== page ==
Splitting the quantified circRNAs into train and test sets (80:20 ratio), we trained a generalized linear model (GLM) against the observed circRNA log2foldchange. As all features were standardized, the resulting coefficients serve as a proxy for feature importance. Here, ranking features by coefficient, it is evident for both HepG2 and mouse brain that 5’ features generally correlate positively with circRNA production, whereas 3’ features (and IAE distance) correlate negatively (Figure 6B and D). As seen in both HepG2 and mouse brain, certain features, such as 5’IR (upstream intron retention), 5’ intron (upstream intron length), and 5’CSA (upstream cryptic SA usage), are highly distinctive for upregulated circRNA (Figure 6C and E), that is upstream aberrant splicing and intron retention stimulate circRNA production. Interestingly, correlating features show opposing effects on circRNA abundance. Here, according to the model, in HepG2, 5’S and 3’S impose positive and negative impact on circRNA production, respectively (Figure 6B), whereas features showing anti-correlation (5’S and 5’IR) are both ascribed a positive coefficient in both HepG2 and mouse (Figure 6B and D). This was also observed in HEK293T, although less convincingly partly due to low sequencing depth in these samples (Figure 6—figure supplement 3A–D). Also, while the performance of the model on the test-set is modest but significant Figure 6—figure supplement 4A and B, Pearson correlations: 0.41 (HepG2, p=1.8e-15) and 0.43 (mouse brain, p=1.8e-49), we observe convergence between the HepG2 and mouse brain-derived coefficients suggesting that the obtained features are conserved aspects of SFPQ-mediated circRNA regulation. Here, the most notable difference between HepG2 and mouse brain is the estimated intercept term (Figure 6—figure supplement 4C), which we interpret as the difference in cellular context, suggesting that the overall impact of SFPQ on circRNA expression may depend on other unidentified factors. Conclusively, we propose that aberrant SA usage caused by SFPQ depletion, most often observed in long introns, impacts transcription by invoking cryptic PAS usage and affects circRNA biogenesis by introducing competitive SAs. In case of cryptic SA inclusion immediately upstream a circRNA-producing locus, the cryptic SA engages with the upstream SD thus leaving the circRNA-dependent SA unattached and exposed for backsplicing. Alternatively, if the cryptic SA is located downstream, it may compete with backsplicing and thus repress circularization (Figure 6F).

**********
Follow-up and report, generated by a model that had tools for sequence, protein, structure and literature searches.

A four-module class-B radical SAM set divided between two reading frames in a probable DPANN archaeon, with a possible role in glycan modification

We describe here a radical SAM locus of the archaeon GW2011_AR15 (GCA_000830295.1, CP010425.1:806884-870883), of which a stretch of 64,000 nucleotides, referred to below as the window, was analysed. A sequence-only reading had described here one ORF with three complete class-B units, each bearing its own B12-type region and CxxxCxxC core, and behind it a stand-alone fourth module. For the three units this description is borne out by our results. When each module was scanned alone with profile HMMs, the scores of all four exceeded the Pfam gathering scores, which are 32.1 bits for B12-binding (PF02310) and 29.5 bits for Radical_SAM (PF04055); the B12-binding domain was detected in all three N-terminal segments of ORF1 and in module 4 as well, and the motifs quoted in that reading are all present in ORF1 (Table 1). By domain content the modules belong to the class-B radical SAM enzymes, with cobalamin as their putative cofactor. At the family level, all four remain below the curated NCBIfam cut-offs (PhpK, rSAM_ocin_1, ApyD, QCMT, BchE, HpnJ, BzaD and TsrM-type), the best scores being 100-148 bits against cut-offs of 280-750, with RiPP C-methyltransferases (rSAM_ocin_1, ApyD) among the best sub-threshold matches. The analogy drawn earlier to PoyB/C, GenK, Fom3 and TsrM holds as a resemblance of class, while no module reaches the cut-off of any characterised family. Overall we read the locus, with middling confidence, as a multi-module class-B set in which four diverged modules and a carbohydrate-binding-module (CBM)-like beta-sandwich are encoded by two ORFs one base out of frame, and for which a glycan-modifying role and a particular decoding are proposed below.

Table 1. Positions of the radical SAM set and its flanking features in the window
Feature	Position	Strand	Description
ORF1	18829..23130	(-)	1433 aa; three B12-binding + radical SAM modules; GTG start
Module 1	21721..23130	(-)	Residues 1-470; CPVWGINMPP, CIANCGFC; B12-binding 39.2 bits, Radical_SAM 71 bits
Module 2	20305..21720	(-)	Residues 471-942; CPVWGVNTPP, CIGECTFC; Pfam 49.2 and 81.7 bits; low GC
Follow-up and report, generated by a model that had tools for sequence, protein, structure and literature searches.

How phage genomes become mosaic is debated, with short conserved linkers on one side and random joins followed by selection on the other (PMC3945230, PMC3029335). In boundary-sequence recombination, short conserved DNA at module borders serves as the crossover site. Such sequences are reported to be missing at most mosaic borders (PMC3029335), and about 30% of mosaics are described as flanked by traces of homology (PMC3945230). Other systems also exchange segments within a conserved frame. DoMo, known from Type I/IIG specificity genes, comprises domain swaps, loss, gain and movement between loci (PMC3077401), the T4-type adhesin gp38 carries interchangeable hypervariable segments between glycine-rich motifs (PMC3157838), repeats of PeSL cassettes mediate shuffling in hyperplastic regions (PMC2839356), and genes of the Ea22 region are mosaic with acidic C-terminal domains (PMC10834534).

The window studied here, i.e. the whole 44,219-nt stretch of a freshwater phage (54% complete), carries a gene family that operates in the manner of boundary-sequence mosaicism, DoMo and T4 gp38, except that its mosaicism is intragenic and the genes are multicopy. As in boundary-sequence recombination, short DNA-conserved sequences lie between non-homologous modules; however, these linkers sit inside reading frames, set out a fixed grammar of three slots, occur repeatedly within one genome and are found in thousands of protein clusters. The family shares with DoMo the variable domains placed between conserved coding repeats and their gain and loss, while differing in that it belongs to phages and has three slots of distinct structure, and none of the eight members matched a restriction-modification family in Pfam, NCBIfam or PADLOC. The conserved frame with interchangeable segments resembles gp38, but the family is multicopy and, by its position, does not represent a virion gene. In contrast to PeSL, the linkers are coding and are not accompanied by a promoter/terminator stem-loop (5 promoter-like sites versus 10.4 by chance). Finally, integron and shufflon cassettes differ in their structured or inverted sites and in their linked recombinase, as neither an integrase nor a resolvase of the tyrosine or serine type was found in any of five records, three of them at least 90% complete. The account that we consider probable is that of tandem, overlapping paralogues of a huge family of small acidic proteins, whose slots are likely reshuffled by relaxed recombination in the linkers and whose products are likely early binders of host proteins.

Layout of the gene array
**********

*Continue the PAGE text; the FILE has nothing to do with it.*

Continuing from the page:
Discussion